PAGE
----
New York City skyline at night

Poetry

 

 


Philip Dacey


Sky

The sky has fallen to its knees again.
*
When the wound of the sky healed,
it no longer needed to speak.
Only the dictionary of the rain remained.
*
The sky crawls out of my pocket
and leads me home to my birthday party
where the insects blow out all the candles
with one converging breath.
I tell my wish only to the blueness
on its day off.
*
Of all the roads we must take,
the sky is both the narrowest
and the widest.
*
Your task: measure the distance
between you and the sky.
*
Is there only one sky?
Or are there many skies disguised as one?
*
Shaving, I nicked myself; I bled the sky.
*
To fall into the the yawn of the sky
is a pastime of the highest order.
*
The sky gave me my name
when I wasn't looking
and when I was
it kissed me.

 

What Kind of Poetry Do You Write?

I write poetry tumescent with blood.

Not really. I write poetry that rides
in a royal chaise atop an elephant.

Actually I write poetry that envies
the carapace of a cockroach.

Just kidding. My poetry is a tall
frosty mug awaiting a pour,
and you are that pour.

Not true. But on good days my poetry
is the kind that strolls with complete
insouciance along a busy highway's
centerline.

Of course not. Nor does it sip nectar
from a flower hidden by the wayside.

Rather, it wraps itself in the silence
between the cellist's last note
and the onset of applause.

Hardly. Let me confess: the truth is
I write poetry that has slept with your wife
and for which you will thank me.

 

Treadmill

               "In Shepherdstown, West Virginia, for the peace talks,
               Farouk al-Shara surprisingly accepted Ehud Barak's invitation
               to run on the treadmill next to him in the hotel gym."
                    — Encyclopedia of the Middle East

Syria's running miles in place next to Israel.
One foot up and one down's the way to peace.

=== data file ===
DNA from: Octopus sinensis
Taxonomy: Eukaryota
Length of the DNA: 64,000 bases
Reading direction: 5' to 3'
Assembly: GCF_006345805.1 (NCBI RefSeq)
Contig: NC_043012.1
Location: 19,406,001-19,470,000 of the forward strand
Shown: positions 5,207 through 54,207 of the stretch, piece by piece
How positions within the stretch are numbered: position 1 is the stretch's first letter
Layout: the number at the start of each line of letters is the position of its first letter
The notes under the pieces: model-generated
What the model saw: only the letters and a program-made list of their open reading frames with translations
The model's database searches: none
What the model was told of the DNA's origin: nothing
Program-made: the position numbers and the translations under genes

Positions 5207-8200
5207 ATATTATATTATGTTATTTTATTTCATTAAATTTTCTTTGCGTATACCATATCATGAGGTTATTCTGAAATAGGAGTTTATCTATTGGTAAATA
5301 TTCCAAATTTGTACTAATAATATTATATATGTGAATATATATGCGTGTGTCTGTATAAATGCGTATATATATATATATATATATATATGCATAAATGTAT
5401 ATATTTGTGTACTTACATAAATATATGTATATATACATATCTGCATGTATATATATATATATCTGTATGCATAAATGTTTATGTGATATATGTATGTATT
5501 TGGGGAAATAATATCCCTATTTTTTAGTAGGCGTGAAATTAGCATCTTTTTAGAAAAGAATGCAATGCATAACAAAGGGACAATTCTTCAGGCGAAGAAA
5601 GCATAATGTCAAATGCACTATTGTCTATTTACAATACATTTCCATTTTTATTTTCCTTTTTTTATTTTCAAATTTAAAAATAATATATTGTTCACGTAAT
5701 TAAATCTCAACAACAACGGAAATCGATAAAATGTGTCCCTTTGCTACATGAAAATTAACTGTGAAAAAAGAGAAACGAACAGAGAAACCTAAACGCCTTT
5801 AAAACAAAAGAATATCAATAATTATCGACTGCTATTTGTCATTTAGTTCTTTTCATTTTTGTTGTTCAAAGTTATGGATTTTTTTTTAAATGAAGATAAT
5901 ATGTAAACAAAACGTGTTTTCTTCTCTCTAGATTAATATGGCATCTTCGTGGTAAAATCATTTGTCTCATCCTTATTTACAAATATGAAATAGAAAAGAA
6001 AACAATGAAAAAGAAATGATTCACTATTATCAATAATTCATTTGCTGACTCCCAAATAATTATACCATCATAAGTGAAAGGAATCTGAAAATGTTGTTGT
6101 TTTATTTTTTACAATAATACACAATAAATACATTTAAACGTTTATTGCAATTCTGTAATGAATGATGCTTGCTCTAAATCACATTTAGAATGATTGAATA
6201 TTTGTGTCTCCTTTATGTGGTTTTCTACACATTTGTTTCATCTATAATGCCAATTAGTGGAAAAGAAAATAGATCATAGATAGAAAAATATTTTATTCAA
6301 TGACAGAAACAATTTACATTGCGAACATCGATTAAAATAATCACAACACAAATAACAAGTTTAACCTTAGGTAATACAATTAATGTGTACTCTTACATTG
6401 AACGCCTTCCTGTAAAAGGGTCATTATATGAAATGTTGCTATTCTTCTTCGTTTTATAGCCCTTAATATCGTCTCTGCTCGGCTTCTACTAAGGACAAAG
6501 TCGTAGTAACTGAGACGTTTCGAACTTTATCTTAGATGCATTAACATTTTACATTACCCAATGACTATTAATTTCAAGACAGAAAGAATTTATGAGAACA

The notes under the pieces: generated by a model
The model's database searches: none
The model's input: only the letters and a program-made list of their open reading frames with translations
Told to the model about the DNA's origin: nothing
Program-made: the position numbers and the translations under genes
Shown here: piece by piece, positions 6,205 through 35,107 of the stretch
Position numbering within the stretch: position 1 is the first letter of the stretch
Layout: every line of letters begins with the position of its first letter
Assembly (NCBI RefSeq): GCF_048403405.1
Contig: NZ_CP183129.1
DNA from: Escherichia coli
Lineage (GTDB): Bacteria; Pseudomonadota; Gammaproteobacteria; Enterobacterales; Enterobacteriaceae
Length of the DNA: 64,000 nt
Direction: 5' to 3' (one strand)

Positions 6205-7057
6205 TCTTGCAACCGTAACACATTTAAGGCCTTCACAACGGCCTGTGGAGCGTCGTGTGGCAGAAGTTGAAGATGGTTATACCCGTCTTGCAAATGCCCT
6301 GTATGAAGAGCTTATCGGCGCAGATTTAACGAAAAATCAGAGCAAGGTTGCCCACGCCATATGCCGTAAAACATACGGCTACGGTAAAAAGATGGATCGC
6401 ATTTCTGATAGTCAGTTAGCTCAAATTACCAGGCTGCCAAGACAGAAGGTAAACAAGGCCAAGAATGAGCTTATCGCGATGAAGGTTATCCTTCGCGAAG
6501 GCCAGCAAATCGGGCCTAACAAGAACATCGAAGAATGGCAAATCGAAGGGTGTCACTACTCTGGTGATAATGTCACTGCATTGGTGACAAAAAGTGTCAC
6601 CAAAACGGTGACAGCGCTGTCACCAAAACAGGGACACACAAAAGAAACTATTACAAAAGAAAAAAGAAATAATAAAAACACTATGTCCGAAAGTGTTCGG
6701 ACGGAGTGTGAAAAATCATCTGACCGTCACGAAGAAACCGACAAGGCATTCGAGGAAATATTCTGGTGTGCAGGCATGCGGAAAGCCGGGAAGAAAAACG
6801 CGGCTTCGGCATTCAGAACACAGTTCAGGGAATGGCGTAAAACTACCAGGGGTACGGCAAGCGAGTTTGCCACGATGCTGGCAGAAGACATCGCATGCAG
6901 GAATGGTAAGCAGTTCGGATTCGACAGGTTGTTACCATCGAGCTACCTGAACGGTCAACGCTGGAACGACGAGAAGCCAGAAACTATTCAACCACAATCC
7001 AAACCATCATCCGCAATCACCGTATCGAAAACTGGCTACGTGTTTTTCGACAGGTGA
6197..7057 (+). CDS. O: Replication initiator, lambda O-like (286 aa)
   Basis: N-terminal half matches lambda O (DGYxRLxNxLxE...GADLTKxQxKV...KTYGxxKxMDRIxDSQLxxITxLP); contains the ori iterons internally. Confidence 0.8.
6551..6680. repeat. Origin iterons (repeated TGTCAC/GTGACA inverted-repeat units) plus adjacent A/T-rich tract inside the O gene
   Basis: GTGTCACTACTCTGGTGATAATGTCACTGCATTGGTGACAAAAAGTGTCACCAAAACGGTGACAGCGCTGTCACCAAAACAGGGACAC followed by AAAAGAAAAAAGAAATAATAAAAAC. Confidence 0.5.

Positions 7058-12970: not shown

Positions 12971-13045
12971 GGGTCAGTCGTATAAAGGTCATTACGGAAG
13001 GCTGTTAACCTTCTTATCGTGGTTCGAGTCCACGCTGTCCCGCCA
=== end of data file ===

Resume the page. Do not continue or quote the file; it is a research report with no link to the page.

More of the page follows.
They're going nowhere mile after mile.

Start slow is the plan, then a gradual
acceleration till a dove wins the race.
Syria's running side by side with Israel.

The machines rumble so, talking's minimal,
and what there is of it's not face-to-face.
Two countries go nowhere mile after mile.

Still, when Israel hands Syria a towel,
the Golan Heights seem doable, more or less,
Syria running neck-and-neck with Israel.

Nike fills the mediator's role,
and sweat's a lubricant, diplomacy's grease,
but the going stays tough, mile after mile.

Now the workout's ending. What better goal
than hot showers? In steam, soaped up, a truce.
Who's more out of breath? Syria or Israel?
Tomorrow another treadmill, mile after mile.

 

Columnar

"…the Nazis' obsessive bookkeeping…"
BBC

Files within files within files
have the beauty of
antique nesting dolls.
*
I need to make
three more friends
to meet my quota.
*
I'd rather run my finger
up and down a column
than a woman's spine.
*
Who says
numbers can't goose-step?
*
When my German blood sleeps,
exhausted from filling up columns,
my Irish blood decorates the margins
with useless Kellsian curlicues.
*
Of course the soul exists.
Shall I count it out for you?
*
I'll search my body
for a swastika birthmark
as soon as I've closed
this account book.
*
The little oblong spaces
for numbers? Not coffins
but beds for making love.
*
The item not accounted for
becomes the loose thread that starts
The Great Unravelling.
*
The Greek columns held up
only the entablature; these columns
hold up the sky.
*
Now I can check off
on my long list of things to do,
"Write poem about Nazi bookkeeping."

 

 

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